When people ask you what the most important thing to teach a child is, how do you respond? I (jmf) have heard some school librarians answer:
+ teaching young people how to read;
+ how to be curious about the world around them; or
+ how to communicate.
A rare response for me to hear is empathy. For the purposes of this post, we are defining empathy as an ability to experience the emotional state of others and then respond with moral sensitivity (Allen, 1975; Goldstein & Winner, 2012).
I (jmf) have seen very few school library conference sessions centered around professional empathy or empathy education for young people. While our professional literature highlights collection materials for purchase related to empathy, only a few trailblazers have published their work related to empathy (Kehret, 2001; Perrault & Levesque, 2012; Stripling, 2012; Hassig, 2012). Most school librarians find benefits in teaching young people about empathy. But do our philosophical claims match our professional practice?
Recently, I (jmf) asked urban elementary school students to write down ways in which they have showed empathy for someone who was experiencing grief. Here are a few of the written responses students in grades 2-4 shared with me:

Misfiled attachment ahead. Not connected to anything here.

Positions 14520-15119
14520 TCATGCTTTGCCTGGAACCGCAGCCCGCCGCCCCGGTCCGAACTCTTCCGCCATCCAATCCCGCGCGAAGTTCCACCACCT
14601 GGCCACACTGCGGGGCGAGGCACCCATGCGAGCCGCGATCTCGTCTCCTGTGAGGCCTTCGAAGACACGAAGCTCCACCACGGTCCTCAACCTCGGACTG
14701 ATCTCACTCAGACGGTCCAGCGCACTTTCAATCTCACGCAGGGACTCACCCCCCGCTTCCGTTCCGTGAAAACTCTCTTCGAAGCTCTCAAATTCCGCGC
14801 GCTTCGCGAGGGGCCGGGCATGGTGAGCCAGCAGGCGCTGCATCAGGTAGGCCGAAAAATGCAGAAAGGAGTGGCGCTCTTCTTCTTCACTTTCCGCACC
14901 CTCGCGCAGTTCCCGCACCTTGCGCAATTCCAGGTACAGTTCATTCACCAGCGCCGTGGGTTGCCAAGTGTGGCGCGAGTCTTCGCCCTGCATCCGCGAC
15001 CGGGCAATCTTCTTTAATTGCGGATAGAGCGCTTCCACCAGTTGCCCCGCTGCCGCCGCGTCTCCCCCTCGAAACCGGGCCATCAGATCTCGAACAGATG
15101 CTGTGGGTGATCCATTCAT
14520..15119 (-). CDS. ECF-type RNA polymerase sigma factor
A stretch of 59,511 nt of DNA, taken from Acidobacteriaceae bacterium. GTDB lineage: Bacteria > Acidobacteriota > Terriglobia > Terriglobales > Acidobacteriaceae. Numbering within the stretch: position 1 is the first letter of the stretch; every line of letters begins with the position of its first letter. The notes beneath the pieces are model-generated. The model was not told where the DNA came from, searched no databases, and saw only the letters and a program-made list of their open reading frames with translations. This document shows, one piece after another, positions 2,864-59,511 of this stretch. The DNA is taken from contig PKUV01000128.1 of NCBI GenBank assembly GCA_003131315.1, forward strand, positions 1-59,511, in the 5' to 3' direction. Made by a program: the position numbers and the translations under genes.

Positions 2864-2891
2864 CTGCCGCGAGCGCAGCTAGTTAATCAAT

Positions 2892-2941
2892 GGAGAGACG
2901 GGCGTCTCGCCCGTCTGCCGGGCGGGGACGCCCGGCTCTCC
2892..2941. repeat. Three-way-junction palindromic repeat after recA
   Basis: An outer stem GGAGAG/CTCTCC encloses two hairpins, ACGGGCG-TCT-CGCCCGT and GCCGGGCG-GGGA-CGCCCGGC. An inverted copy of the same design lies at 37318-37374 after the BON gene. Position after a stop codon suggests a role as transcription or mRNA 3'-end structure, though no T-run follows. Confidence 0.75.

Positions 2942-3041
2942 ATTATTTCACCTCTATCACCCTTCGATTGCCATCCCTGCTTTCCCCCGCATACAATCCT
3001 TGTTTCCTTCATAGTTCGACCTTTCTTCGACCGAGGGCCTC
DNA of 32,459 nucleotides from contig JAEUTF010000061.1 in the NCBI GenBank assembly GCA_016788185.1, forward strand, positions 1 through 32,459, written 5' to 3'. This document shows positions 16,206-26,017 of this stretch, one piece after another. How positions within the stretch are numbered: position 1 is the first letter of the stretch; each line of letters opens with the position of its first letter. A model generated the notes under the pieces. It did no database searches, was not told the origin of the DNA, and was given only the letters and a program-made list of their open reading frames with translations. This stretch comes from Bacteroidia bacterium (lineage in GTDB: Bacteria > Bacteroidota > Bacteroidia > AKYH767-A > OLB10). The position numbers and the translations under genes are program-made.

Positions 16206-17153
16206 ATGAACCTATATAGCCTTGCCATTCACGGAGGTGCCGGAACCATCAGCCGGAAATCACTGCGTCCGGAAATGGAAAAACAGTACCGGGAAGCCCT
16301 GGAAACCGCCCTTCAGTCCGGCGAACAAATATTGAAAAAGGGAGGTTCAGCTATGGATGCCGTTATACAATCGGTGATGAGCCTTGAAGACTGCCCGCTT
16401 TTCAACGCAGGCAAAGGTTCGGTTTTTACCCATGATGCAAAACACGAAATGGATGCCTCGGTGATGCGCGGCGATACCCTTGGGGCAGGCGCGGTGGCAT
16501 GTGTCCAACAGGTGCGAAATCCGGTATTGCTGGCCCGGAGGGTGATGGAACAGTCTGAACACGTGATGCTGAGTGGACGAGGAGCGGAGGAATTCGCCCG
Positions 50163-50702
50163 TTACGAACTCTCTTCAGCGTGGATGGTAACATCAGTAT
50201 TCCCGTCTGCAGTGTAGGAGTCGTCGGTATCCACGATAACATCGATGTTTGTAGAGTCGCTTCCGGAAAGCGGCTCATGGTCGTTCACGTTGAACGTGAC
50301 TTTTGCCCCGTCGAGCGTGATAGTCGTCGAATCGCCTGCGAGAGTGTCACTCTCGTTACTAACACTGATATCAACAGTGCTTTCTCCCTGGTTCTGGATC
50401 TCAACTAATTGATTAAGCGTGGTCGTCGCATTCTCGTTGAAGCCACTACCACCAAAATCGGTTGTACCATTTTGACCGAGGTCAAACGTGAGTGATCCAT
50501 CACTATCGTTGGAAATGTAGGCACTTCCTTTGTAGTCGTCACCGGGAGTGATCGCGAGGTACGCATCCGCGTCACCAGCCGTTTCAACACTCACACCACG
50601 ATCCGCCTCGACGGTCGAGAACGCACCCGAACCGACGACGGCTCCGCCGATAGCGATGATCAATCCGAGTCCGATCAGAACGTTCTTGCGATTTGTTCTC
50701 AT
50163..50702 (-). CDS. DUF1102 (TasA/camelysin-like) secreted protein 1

The majority of children listed gifts of financial significance as their way to show empathy, while others considered gifts of sacrifice (giving something of their own that the grieving person may enjoy). The next most common responses were related to physical touch (i.e. hugging or holding) and acts of service (going to funerals; remembering; or undefined, vague ways of “helping”). A smaller group of students listed communicating with/for the grieving person (e.g., letter writing or speaking words of blessing/prayer). Spending quality time with those in grief never appeared in the students’ responses. Close to 5% of students chose to not respond at all, perhaps because they were unsure of what empathy was or found it difficult to recall a circumstance when they expressed empathy.
While there is great import on teaching young people what we call person-to-person empathy or local empathy, this is not our only responsibility. As school librarians who are internationally minded, we must also teach young people about global empathy. How do we create guided inquiry projects related to international events that engender empathy (if at all)? How do we teach the ways in which nations productively respond to national grief (if at all)? In the paragraphs below, we share two examples of ways in which nations respond empathetically and productively to national (even international) grief.
Example (1) The Maasai Show Empathy for the United States of America